Optical Characterization of NanomaterialsView this Special Issue
Optical Characterization of Nanomaterials
Studies on nanomaterials have recently been carried out widely and intensively in many fields in order to explore the new era of the nanoscopic world and to overcome the limitation of typicalness of the bulk materials. Nanomaterials with the enhanced mechanical, electrical, and optical properties distinctively different from the bulk material properties allow us to surmount many areas that the conventional technology could not address. Nowadays, such properties of the nanomaterials may be characterized electrically and mechanically by direct contact with the nanomaterials. Meanwhile, the optical methods take advantage of observing the essential characteristics of the nanomaterials without significantly modifying or permanently damaging them due to their noncontact and noninvasive nature. Common optical characterization methods include absorbance/transmittance, photoluminescence, and Raman scattering measurement.
This special issue arranges a series of up-to-date articles dealing with characterizing the various nanomaterials by using such optical characterization methods. M. Benson et al. discovers, from the absorbance analysis, the metamaterial properties of silver nanorod thin film grown by oblique angle deposition, “Optical characterization of silver nanorod thin films grown using oblique angle deposition.” Y. C. Choi et al. describes a purity analysis for carbon nanotubes by using Raman scattering, “Novel method of evaluating the purity of multiwall carbon nanotubes using Raman spectroscopy.” N. Shanmugam et al. reports the effect of thermal process on ZnS nanocrystals synthesized by chemical precipitation by using UV-Vis absorption and photoluminescence, “Effect of annealing on the ZnS nanocrystals prepared by chemical precipitation method.” By FT-IR, absorbance, and fluorescence spectroscopy, T. L. Tan et al. observe the change in optical characteristics of Mn-doped ZnO nanoparticles synthesized by coprecipitation method while varying the manganese dopant concentration, “Tunable band gap energy of Mn-doped ZnO nanoparticles using the coprecipitation technique.” F. Severiano et al. introduces an electroluminescent device based on white light emission from ZnO:In/PS by electroluminescence and photoluminescence, “Electroluminescent devices based on junctions of indium doped zinc oxide and porous silicon.” By using photoluminescence, H.-S. Chin and L.-S. Chao investigate the thermal annealing effect on ZnO thin film grown by radio frequency sputtering, “The effect of thermal annealing processes on structural and photoluminescence of zinc oxide thin film.” Measuring the optical transmittance, F.-H. Wang et al. analyzes the hydrogen effect on sputter-deposited Al2O3-doped ZnO thin films, “Effects of hydrogen on the optical and electrical characteristics of the sputter-deposited Al2O3-doped ZnO thin films.” T. K. Kim et al. observes the negative differential resistance from molecular nanosilver chain, “Symmetric negative differential resistance in a molecular nanosilver chain.” F. Q. Zhou et al. proposes single ring-shaped nanotubes, dimmers, and arrays and discuss their optical transmission properties, “Formation and evolution mechanism of plasmon resonance from single ring-shaped nanotube to dimer and arrays.”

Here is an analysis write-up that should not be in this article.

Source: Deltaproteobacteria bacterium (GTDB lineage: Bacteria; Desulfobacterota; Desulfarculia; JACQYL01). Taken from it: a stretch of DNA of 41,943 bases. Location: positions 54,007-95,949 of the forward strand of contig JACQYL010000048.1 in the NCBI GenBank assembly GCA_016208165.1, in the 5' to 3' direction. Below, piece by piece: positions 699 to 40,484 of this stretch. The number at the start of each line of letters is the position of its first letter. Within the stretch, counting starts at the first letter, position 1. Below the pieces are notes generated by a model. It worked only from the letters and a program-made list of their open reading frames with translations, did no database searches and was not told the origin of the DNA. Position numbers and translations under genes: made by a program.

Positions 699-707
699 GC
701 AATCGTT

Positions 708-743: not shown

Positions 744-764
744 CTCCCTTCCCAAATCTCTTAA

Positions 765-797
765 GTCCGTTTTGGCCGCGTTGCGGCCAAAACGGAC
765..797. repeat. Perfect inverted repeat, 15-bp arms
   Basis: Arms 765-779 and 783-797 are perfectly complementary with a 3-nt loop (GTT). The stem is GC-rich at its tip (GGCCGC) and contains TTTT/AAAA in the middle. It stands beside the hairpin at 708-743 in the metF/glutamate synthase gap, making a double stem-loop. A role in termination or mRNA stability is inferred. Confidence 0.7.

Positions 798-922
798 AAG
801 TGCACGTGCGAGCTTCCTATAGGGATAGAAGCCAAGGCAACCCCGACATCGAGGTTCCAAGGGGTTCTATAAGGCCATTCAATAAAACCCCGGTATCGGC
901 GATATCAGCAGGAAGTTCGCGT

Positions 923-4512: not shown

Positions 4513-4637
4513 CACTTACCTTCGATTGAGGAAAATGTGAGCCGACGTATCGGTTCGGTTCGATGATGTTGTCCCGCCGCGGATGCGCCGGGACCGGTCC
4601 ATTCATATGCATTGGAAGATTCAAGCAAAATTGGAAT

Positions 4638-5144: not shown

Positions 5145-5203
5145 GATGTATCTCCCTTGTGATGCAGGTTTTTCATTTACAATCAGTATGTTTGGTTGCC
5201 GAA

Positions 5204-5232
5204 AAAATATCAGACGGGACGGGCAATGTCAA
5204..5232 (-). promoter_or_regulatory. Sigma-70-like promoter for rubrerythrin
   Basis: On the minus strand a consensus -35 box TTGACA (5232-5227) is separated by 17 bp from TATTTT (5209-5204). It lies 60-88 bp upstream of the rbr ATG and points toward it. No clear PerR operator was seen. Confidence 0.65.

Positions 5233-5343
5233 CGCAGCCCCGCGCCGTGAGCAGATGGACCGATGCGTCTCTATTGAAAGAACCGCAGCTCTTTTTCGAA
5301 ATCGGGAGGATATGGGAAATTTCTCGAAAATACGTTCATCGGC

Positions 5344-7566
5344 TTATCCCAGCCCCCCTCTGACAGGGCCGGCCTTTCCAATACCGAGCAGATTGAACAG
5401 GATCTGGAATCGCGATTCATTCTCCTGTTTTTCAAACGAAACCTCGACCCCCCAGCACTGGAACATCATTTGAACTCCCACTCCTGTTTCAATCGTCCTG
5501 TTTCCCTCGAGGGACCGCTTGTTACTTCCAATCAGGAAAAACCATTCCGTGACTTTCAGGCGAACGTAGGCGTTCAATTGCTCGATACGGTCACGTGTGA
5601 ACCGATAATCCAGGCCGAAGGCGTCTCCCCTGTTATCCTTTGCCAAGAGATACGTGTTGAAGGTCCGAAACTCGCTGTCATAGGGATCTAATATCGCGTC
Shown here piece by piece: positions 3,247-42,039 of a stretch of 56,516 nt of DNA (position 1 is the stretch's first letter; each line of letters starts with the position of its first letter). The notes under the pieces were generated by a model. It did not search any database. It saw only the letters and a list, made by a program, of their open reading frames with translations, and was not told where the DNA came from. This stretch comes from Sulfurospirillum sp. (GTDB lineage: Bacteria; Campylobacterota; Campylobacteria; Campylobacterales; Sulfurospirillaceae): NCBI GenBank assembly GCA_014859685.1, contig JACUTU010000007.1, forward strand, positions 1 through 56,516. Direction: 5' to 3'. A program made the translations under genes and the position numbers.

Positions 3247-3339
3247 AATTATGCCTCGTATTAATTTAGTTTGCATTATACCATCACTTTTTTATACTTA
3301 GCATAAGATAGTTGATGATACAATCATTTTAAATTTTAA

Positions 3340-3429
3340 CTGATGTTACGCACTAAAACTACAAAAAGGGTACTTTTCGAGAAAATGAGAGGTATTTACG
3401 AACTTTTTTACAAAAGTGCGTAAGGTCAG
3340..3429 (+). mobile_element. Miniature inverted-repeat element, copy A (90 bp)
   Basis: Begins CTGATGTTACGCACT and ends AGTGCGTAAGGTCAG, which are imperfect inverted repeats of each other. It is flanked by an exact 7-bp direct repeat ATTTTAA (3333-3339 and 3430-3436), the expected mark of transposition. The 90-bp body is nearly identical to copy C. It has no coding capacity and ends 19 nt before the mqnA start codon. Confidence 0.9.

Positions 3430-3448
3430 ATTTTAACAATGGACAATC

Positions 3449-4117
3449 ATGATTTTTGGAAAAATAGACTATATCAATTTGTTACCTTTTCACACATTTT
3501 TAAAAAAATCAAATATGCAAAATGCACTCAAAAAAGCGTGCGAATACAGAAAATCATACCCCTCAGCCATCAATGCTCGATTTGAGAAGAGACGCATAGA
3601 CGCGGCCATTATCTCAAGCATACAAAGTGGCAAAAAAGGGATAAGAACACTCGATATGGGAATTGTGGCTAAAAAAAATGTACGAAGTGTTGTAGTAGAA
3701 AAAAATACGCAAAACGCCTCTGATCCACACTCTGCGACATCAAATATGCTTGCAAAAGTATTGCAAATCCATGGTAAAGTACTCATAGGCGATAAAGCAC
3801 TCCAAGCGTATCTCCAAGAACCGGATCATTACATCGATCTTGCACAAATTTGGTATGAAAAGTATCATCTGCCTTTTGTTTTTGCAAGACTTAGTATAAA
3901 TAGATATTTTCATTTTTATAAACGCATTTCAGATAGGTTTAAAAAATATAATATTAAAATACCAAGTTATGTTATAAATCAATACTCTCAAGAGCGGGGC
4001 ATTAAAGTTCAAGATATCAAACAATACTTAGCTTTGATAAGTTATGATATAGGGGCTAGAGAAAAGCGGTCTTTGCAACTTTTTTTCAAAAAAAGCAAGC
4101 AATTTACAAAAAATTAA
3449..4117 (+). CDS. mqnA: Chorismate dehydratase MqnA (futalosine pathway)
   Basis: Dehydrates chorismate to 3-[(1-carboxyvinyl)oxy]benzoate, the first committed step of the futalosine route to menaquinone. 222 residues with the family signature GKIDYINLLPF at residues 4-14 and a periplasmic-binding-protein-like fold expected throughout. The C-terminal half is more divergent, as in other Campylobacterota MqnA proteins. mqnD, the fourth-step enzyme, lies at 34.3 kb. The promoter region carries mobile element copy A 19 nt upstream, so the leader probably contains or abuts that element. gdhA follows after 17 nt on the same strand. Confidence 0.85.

As we have seen from the papers in this special issue, the optical characterization methods are essential in analyzing the various fundamental and functional properties of the nanomaterials. The noncontact and noninvasive nature makes the optical characterization methods one of the best ideal and at the same time practical tools to investigate and to take advantage of many different types of nanomaterials. We believe that the articles in this special issue would serve as excellent examples of how these optical methods are utilized in characterization of some of the well-known nanomaterials.
Mun Seok Jeong
Clare C. Byeon
Jong Su Kim
Hong Seok Lee